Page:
Defendants take the position that these comments are not defamatory per se because they do not fit into any of the per se categories, are reasonably capable of innocent construction, and don't claim to be in possession of objectively verifiable facts. On the other hand, Rand McNally argues that Defendants' efforts to sanitize One20's advertisements ignore the natural and obvious meaning by taking specific phrases in isolation and out of context. By any reasonable measure, the advertisements were purposely designed to convey to Rand McNally's customers that they better take advantage of One20's offer to “trade up” to their devices because Rand McNally is going bankrupt and its customers will be left with “outdated” and “ratty” old devices without recourse.

         II. DISCUSSION

         The parties do not disagree as to the applicable law. Defamation per se carries a presumption of damages and is an exception to the ordinary tort rule that a plaintiff must plead and prove actual damages. This is so because the harm from the defamation is obvious, apparent, and does not require explanation with extrinsic facts. On the other hand, in cases of defamation per quod, damages are not presumed and a plaintiff must plead and prove special damages in order to recover. Brown & Williamson Tobacco Corp. v. Jacobson, 713 F.2d 262, 267 (7th Cir. 1983); Tuite v. Corbitt, 224 Ill.2d 490, 501 (2006). More innocuous statements not defamatory on their face only impact a smaller group of readers who have knowledge of facts that make the statements defamatory.

         In Illinois there are five categories of defamation per se, of which two are applicable to this case: (1) statements that suggest malfeasance or misfeasance in performing one's job, and (2) statements to the effect that the subject is unfit to pursue his trade or profession, i.e., an attack on its business reputation. Haynes v. Alfred A. Knopf, Inc., 8 F.3d 1222, 1226 (7th Cir. 1993); Pippen v. NBCUniversal Media, LLC, 734 F.3d 610, 613 (7th Cir. 2013). While these two categories are similar, the distinction is that the former implies on-the-job malfeasance whereas the latter covers lack of ability to perform one's trade or profession. Id. The standard for proof is the same for corporate plaintiffs as for individuals. Jacobson, 713 F.2d at 269.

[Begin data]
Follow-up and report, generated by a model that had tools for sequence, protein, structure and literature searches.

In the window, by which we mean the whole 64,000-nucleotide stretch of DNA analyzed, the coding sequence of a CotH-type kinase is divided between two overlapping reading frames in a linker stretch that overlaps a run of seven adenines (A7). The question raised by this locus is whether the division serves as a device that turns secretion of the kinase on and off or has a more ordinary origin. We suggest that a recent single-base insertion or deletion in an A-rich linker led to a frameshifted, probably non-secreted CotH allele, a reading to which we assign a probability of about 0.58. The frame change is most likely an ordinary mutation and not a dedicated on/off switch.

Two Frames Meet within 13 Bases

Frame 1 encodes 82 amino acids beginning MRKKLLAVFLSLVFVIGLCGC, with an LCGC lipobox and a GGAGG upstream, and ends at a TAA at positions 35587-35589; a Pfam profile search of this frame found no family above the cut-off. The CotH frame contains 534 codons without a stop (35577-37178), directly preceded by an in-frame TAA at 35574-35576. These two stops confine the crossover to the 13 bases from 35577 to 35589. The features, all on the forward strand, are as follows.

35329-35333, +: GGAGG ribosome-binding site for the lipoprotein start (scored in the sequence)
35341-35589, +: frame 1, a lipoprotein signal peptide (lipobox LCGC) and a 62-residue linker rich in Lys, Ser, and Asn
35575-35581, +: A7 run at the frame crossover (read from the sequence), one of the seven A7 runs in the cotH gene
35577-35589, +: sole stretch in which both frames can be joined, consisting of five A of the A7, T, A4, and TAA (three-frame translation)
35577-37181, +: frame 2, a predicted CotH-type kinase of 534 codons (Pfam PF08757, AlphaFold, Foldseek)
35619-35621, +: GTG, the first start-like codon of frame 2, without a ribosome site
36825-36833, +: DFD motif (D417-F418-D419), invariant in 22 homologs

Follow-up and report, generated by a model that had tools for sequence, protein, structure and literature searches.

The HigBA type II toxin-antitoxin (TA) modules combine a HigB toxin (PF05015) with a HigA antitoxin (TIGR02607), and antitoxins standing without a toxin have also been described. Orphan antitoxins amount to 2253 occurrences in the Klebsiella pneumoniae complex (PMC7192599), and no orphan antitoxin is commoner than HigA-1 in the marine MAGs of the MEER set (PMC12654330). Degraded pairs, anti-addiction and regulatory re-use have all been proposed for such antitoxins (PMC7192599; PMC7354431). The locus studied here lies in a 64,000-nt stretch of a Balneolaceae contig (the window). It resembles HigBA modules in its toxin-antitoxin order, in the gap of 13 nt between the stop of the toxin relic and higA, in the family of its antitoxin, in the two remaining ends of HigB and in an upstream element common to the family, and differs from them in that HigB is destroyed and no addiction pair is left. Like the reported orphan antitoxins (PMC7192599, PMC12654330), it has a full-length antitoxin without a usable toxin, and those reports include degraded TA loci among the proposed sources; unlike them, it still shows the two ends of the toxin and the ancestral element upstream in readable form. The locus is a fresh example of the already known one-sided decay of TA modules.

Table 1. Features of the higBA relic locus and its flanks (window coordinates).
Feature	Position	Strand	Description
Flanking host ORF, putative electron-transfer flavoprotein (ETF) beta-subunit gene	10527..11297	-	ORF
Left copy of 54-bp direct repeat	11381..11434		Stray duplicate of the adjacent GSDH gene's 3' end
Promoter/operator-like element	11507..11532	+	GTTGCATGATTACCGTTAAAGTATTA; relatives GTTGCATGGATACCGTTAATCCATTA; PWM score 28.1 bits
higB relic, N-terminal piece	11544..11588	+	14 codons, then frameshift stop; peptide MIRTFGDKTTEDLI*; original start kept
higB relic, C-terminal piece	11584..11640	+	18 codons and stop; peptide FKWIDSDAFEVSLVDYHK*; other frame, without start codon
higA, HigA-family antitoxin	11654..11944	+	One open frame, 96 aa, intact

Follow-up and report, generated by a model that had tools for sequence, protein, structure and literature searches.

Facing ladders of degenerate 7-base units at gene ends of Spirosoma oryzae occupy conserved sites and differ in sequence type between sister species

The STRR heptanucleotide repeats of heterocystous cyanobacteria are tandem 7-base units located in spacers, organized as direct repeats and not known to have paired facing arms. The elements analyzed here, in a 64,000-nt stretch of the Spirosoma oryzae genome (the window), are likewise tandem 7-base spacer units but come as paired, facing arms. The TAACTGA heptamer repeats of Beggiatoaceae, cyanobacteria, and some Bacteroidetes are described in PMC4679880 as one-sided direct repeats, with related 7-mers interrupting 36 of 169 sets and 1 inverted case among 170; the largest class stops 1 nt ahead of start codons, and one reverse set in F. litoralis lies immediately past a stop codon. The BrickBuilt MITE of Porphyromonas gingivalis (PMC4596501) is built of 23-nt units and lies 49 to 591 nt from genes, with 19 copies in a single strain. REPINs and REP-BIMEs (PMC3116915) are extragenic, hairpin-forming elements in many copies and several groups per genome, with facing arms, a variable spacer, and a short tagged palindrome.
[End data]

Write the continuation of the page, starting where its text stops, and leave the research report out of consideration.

Several rules of construction apply to defamation per se. Recovery is not allowed if the statement can reasonably be given an “innocent construction.” Anderson v. Vanden Dorpel, 172 Ill.2d 399, 412 (1996). In applying the innocent construction rule, the court evaluates the statements “stripped of innuendo and in the best possible light.” Makis v. Area Publications Corp., 395 N.E.2d 1185, 1189 ( Ill. App. 1979) (citations omitted). The relative value of competing constructions is not weighed, but any “reasonable” non-defamatory interpretation is adopted. However, a court need not “strain” to interpret allegedly defamatory words in their mildest and most inoffensive sense in a quest to find them non-defamatory. Giant Screen Sports v. Canadian Imperial Bank Of Commerce, 553 F.3d 527, 533 (7th Cir. 2009). Whether a statement is within a per se category is a question of law for the court. Lott v. Levitt, 556 F.3d 564, 568 (7th Cir. 2009).

         We now apply these rules to the facts of this case. Rand McNally argues that the statements alleging that it is going bankrupt and will therefore leave its customers “stuck without a warranty, ” with “out dated” and “ratty” devices, can only be interpreted as imputing to Rand McNally an inability to continue to provide services and products to its customers. Such statements made by Defendants impugn Rand McNally's business reputation and therefore are defamatory per se.

         Defendants, on the other hand, argue that statements suggestive of bankruptcy “are not actionable per se” because there are many reasons that may place a business into bankruptcy. As authority for this contention, they cite Pippen, supra, and In re Dawson, No 12 C 2089, 2012 WL 3067867, at *6 (C.D. Ill. July 27, 2012). Defendants contend that these ...